Posted 28 November 2018

When are unpaid internships illegal?

If you’ve ever been unclear on the legalities around unpaid internships, you’re not alone. Last week, the Sutton Trust foundation published an extensive report into internships, which found that up to 50% of employers and 37% graduates are unable to identify an illegal internship. While we all assume that unpaid internships are bad, it’s good to actually understand why. Here we are sharing some of the report’s findings, along with thoughts on how you can protect yourself against unfair, unrewarded work.

It is generally understood that if you provide work that benefits a company, you should be compensated – at least the minimum wage. So why have we let unpaid internships slip through the net? Most of us would agree that simply receiving expenses, or less, over an extended period of time is unacceptable. This was also a sentiment echoed in our article by Moving Brands’ Mat Heinl and Maddie Fortescue last week: “Not paying interns is essentially condoning slave labour. It’s extremely bad for diversity and it undermines the value of what we all create.”

But unpaid internships are still common
The Sutton Trust foundation’s report found that around 100,000 graduate internships are undertaken in Britain each year, and over half of these (around 58,000) are unpaid. Plus, the creative industry comes out as one of the worst sectors for unpaid roles. In the arts – which includes fashion, theatre and TV – around 86% of internships are still unpaid, and 83% are unpaid in the media sector.

This is in spite of work being done to crack down on unpaid roles. Earlier this year, HM Revenue and Customs (HMRC) wrote to more than 500 firms reminding them that interns classed as workers must be paid the minimum wage.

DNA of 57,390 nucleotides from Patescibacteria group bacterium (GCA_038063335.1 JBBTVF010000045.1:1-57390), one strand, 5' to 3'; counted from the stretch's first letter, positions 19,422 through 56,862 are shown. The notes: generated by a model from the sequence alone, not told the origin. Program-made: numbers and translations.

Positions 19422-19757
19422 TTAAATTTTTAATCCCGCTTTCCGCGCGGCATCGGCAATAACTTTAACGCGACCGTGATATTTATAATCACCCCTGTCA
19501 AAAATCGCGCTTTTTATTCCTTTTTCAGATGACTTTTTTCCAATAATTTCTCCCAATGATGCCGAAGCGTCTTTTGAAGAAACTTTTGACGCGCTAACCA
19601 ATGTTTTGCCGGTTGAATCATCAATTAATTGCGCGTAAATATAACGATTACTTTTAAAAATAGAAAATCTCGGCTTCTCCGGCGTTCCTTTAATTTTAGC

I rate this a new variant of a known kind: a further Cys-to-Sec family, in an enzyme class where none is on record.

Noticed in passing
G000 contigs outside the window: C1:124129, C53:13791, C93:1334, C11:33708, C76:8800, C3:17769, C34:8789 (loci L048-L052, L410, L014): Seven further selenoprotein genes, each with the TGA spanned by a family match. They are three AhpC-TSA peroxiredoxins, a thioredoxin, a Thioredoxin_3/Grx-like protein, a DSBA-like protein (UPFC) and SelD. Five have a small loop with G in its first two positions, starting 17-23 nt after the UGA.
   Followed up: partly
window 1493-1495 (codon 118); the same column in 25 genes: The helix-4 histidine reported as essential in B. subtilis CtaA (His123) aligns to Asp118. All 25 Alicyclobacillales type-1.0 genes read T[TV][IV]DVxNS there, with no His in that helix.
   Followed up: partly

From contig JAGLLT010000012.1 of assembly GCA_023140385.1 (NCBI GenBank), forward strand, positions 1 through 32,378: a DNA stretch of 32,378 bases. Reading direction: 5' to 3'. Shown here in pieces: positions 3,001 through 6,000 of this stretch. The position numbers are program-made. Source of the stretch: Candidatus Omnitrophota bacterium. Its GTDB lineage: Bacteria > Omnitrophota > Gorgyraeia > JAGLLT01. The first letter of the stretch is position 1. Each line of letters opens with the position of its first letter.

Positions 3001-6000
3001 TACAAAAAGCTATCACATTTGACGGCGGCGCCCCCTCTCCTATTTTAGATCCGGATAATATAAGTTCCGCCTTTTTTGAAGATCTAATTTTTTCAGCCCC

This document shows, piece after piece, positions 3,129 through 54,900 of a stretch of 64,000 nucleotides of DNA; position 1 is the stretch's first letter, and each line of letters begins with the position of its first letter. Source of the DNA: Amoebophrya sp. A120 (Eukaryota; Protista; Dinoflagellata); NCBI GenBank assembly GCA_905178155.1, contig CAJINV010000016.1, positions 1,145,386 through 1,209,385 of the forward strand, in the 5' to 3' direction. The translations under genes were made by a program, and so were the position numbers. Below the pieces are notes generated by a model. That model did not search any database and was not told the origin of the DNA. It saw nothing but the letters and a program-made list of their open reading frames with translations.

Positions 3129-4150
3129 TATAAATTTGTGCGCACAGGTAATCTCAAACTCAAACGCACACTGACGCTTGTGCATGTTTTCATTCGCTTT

Why is it so hard to tell if an internship is illegal?
Laws surrounding internships are still very complicated. One of the reasons for this, is that the terms internships, interns, work placements and work experience currently have no legal status attached to them. They can only be judged on this basis when the role relates to terms recognised by law; these terms include ‘worker’ (must be paid), volunteer (an unpaid position) or employee (must be paid).

In most cases, interns are classified in legal terms by a company as a ‘worker’ (sometimes also referred to in a contract as a ‘freelancer’). This entails having a contract – either written or verbal – having set hours and responsibilities, and being required to turn up even if you don’t want to. You can usually find out if you’re referred to as a worker or freelancer by checking your contract, or asking the employer.

What qualifies as an illegal internship?
Being able to tell whether an internship without pay is legal can be tricky if you’re not a legal expert. But in general, if a company that considers you a ‘worker’ while interning, and you’re not a student, it should be paid. Therefore, the experience is likely to be illegal if:

• It’s completely unpaid
• It only offers expenses
• It pays less than the minimum wage

Is an unpaid internship illegal if you’re a student?
This is one of the exceptions to the rule. If you’re interning as a student, the above won’t necessarily classify as illegal. According to, a student internship can be unpaid if it’s endorsed by the university or college as being useful to coursework. Other exceptions include when you are simply shadowing someone without tasks of your own, or volunteering for a charitable organisation.

The impact of unpaid internships

It’s expensive to work for free
The Sutton Trust have calculated that an unpaid internship in London can cost the worker a minimum of £1,100 per month! That’s essentially paying a small fortune to gift a company your work and ideas.